Rank, belts, or sashes are part of the uniform and are colored to represent your progression through the different skill levels. They create motivation, organization, and safety. A good program will teach you in a safe progression, called rank so that your body is ready for the next set of material. It is a wonderful way to set you up for success after success.

The main reason for testing or reviewing for rank is for your experience and growth. Each rank review will be longer than the previous one because you have more material to review and will be in better shape to review it. Only you can ‘earn’ your next rank. Not your parent or spouse. Shaolin Arts is not setting you up for failure. Each review is designed for your learning experience and benefit.

It can take just a moment of correct instruction to realize the potential the Arts can give us. Real change does take time. The first difference happens within 3 months, then 6 months, etc. Some people will have set goals, which can be reached in a set time period, and then they will come in occasionally for a review or refresher. Others discover there is a lifetime of material available – a lifetime of growth, adventure, and fun. Shaolin Arts strives to make each class worthwhile. All of us have found that remaining active in the Arts improves our quality of life and whole being. Staying active makes everything else we do better.

Traditional often refers to old or ancient ways versus modern relating to our own time period and circumstances. In the Arts, something that is thousands of years old may be just old and outdated, or it might mean it has ‘stood the test of time’, that all through the ages, nothing has ever been invented better. Certain techniques worked in the past because of the core principles they utilized and, therefore will work well now, in our times and circumstances, if we can be taught the same methods. When we understand why and how things worked in the past, we can have all their strengths for the future.

Yes. Weapons are an extension of the body. Any error the body makes the weapon will exaggerate. Therefore weapon training can give the body great feedback. They are wonderful tools for developing the mind and body. Certain traditional weapons aid in this process more than others. Thus at Shaolin Arts, for those students who are interested, we like to introduce classic or traditional weapons training. Secondly, weapons are a part of our society. Understanding how they work increases our understanding of how to defend against them.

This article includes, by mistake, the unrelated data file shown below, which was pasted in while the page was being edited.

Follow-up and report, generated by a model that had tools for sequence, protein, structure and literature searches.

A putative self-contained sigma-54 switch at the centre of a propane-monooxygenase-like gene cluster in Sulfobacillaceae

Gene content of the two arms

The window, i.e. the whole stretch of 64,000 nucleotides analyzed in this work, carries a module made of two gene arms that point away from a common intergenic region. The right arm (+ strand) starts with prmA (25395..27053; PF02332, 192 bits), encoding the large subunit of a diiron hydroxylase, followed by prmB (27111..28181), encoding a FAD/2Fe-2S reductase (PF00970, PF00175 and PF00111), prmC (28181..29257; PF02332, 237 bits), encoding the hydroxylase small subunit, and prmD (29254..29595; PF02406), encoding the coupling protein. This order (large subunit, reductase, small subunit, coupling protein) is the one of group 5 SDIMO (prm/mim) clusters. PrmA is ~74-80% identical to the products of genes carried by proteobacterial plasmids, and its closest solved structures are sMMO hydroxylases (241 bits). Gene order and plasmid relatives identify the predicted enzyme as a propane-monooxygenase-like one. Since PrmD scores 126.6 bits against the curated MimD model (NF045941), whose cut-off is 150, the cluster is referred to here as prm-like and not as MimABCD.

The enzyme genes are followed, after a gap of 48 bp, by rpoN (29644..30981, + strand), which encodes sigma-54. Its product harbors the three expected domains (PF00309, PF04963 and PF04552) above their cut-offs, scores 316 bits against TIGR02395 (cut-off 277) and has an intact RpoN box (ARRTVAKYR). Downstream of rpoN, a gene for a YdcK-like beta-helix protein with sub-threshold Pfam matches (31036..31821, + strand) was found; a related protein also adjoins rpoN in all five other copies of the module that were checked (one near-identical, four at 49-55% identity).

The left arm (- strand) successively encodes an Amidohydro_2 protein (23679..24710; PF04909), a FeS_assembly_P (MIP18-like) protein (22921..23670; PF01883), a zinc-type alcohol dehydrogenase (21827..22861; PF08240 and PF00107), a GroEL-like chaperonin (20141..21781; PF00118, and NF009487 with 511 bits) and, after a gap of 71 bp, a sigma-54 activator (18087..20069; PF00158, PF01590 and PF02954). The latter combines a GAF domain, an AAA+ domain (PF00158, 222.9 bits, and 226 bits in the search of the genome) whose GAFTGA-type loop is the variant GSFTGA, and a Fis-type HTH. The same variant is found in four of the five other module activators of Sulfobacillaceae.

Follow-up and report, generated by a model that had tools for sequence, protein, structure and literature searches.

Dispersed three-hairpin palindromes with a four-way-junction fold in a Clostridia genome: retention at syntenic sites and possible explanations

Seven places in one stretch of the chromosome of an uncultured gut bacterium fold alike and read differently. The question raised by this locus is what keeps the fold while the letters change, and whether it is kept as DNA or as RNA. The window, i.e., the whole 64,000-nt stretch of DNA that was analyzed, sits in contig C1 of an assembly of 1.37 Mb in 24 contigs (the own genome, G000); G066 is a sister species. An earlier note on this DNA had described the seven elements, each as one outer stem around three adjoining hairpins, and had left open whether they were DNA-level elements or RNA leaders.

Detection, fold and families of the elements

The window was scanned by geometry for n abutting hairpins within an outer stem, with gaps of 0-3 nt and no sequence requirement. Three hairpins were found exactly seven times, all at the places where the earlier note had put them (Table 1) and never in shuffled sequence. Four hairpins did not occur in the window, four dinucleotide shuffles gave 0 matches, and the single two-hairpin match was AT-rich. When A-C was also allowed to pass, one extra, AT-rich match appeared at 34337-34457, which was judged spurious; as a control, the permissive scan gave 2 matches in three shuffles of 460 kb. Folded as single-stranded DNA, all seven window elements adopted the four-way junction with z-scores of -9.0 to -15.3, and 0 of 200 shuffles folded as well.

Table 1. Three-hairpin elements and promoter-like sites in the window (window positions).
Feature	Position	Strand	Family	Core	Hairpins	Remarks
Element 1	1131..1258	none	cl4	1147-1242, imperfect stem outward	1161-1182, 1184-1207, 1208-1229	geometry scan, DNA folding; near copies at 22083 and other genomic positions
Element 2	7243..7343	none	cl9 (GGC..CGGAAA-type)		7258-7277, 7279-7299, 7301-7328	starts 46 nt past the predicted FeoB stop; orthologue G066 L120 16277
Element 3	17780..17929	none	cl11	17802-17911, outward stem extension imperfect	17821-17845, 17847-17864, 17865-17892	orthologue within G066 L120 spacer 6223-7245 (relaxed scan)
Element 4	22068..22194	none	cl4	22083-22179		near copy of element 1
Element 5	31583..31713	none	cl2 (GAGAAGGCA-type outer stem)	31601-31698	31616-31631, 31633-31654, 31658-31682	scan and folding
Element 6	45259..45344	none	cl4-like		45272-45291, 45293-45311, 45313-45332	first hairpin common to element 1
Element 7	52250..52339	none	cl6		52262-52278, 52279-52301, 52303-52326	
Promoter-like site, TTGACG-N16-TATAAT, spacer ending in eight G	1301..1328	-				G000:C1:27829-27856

There is a perspective among some accomplished masters of the Arts that sports and competition have had a detrimental impact on their craft. They believe that certain techniques have suffered as they were modified to be safer for casual engagement, yet ultimately underutilized. The deterioration of skills is evident when participants merely simulate hits instead of executing meaningful and effective movements. Additionally, they observe that attaining trophies often prioritizes a superficial display of energy and power, reminiscent of Hollywood aesthetics, rather than recognizing genuine power and true ability.

On the other hand, sport- or competition-type activities can develop the desirable skills of coordinating your movements with another’s. Good sportsman-like behaviors can develop with well-run activities. The idea is to use sport for the strengths it can develop and not confuse sport skills with true street or fighting skills. At Shaolin Arts, you can have Arts that are fun to do and still be powerful and effective.

Meditation is simply relaxing the mind. But simple is not always easy. The more relaxed the mind, the better it can function, react, and be fully aware. Techniques are taught to aid in this process. Tai Chi is sometimes referred to as “meditation in motion.” Good meditation can calm a busy mind or stimulate a dull one. It can bring us back to center.

Bowing in the Arts is like a handshake. It is a greeting to the physical training area and one another. Like a handshake, bows can have different meanings and can transfer many feelings. Students enjoy learning to express themselves and understanding the body languages bowing can radiate.